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First animal was likely sea sponge

A new genetic analysis suggests that the first animal to appear on Earth was very likely the simple sea sponge.

A new study by a team of MIT scientists suggests that sea sponges might have been the first animals to inhabit the Earth. The researchers’ genetic analyses confirm that sea sponges are the source of a curious molecule found in rocks that are 640 million years old. These rocks significantly predate the Cambrian explosion — the period 540 million years ago in which most animal groups took over the planet. The research was published February 22, 2016 in the Proceedings of the National Academy of Sciences.

Paleontologists have unearthed an extraordinary number of fossils from the period starting around 540 million years ago. Based on the fossil record, some scientists have argued that contemporary animal groups essentially “exploded” onto Earth, very quickly morphing from single-celled organisms to complex multicellular animals in a relatively short geological time span. However, the fossils that are known from before the Cambrian explosion are peculiar in many respects, making it extremely difficult to determine which type of animal was the first to the evolutionary line.

The MIT researchers looked for the answer in molecular fossils — trace amounts of molecules that have survived in ancient rocks long after the rest of an animal has decayed away. David Gold is a postdoc in MIT’s Department of Earth, Atmospheric and Planetary Sciences and the paper’s lead author. Gold said:

There’s a feeling that animals should be much older than the Cambrian, because a lot of animals are showing up at the same time, but fossil evidence for animals before that has been contentious. So people are interested in the idea that some of these biomarkers and chemicals, molecules left behind, might help resolve these debates.

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Photo credit: MIT

Photo credit: MIT

In particular, he and his colleagues have focused on 24-isopropylcholestane, or 24-ipc for short — a lipid molecule that is a modified version of cholesterol. In 2009, researchers confirmed the presence of 24-ipc in 640-million-year-old rock samples from Oman, potentially representing the oldest evidence for animal life.

It’s known that some modern sea sponges and certain types of algae produce 24-ipc today, but which organism was around to make the molecule 640 million years ago? To answer this question, the MIT team sought to first identify the gene responsible for making 24-ipc, then find the organisms that carry this gene, and finally trace when the gene evolved in those organisms.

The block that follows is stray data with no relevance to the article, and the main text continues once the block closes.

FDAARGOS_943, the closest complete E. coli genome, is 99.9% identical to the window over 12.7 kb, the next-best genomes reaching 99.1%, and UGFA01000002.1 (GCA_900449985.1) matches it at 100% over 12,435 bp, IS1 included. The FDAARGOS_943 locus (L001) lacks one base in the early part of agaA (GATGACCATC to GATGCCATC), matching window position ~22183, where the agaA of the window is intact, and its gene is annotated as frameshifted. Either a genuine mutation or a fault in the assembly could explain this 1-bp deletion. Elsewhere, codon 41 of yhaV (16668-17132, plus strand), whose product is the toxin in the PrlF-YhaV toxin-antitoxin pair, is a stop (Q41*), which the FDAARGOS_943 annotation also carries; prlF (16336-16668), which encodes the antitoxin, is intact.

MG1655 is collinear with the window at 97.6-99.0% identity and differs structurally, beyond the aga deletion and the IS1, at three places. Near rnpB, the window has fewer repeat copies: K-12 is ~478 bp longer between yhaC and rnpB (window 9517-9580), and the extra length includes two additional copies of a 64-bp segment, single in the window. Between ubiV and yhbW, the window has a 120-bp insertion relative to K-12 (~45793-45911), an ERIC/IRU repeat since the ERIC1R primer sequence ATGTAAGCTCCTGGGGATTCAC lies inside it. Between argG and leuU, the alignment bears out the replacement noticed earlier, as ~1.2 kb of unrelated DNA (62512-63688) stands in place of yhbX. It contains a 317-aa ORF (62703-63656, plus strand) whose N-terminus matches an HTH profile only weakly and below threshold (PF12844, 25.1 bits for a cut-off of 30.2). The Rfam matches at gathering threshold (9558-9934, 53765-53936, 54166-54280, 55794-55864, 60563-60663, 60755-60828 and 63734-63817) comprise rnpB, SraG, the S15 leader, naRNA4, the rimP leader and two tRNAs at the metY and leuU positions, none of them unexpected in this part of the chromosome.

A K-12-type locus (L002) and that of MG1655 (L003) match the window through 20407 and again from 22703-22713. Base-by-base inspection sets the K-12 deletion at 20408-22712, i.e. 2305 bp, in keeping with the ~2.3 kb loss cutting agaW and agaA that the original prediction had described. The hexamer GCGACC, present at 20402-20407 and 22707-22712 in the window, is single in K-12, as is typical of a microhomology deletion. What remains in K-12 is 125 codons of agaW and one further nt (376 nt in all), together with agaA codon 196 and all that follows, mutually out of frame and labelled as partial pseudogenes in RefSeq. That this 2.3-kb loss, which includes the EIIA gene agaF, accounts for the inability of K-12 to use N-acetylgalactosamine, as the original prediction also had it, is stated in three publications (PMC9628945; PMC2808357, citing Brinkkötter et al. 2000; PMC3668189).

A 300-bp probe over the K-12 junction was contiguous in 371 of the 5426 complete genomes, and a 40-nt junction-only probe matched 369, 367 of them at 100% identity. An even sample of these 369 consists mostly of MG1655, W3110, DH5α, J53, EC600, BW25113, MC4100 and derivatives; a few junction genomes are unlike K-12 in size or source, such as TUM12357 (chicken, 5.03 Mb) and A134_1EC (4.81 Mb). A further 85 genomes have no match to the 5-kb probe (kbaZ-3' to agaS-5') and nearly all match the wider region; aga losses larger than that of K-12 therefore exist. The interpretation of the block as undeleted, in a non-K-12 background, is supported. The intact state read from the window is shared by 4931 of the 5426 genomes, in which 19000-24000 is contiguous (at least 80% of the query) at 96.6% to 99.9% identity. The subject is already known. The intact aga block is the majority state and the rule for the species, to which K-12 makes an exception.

The team looked through the genomes of about 30 different organisms, including plants, fungi, algae, and sea sponges, to see what kinds of sterols each organism produces and to identify the genes associated with those sterols.

By comparing genomes, they identified a single gene, sterol methyltransferase, or SMT, responsible for producing certain kinds of sterols depending on the number of copies of the gene an organism carries. The researchers found that sea sponge and algae species that produce 24-ipc have an extra copy of SMT when compared with their close relatives.

The researchers compared the copies to determine how they were all related and when each copy of the gene first appeared. They then mapped the relationships onto an evolutionary tree and used evidence from the fossil record to determine when each SMT gene duplication occurred.

No matter how they manipulated the timing of the evolutionary tree, the researchers found that sea sponges evolved the extra copy of SMT much earlier than algae, and they did so around 640 million years ago — the same time period in which 24-ipc was found in rocks.

Their results provide strong evidence that sea sponges appeared on Earth 640 million years ago, much earlier than any other life form.

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Bottom line: A study published February 22, 2016 in the Proceedings of the National Academy of Sciences by a team of MIT scientists suggests that sea sponges might have been the first animals to inhabit the Earth.

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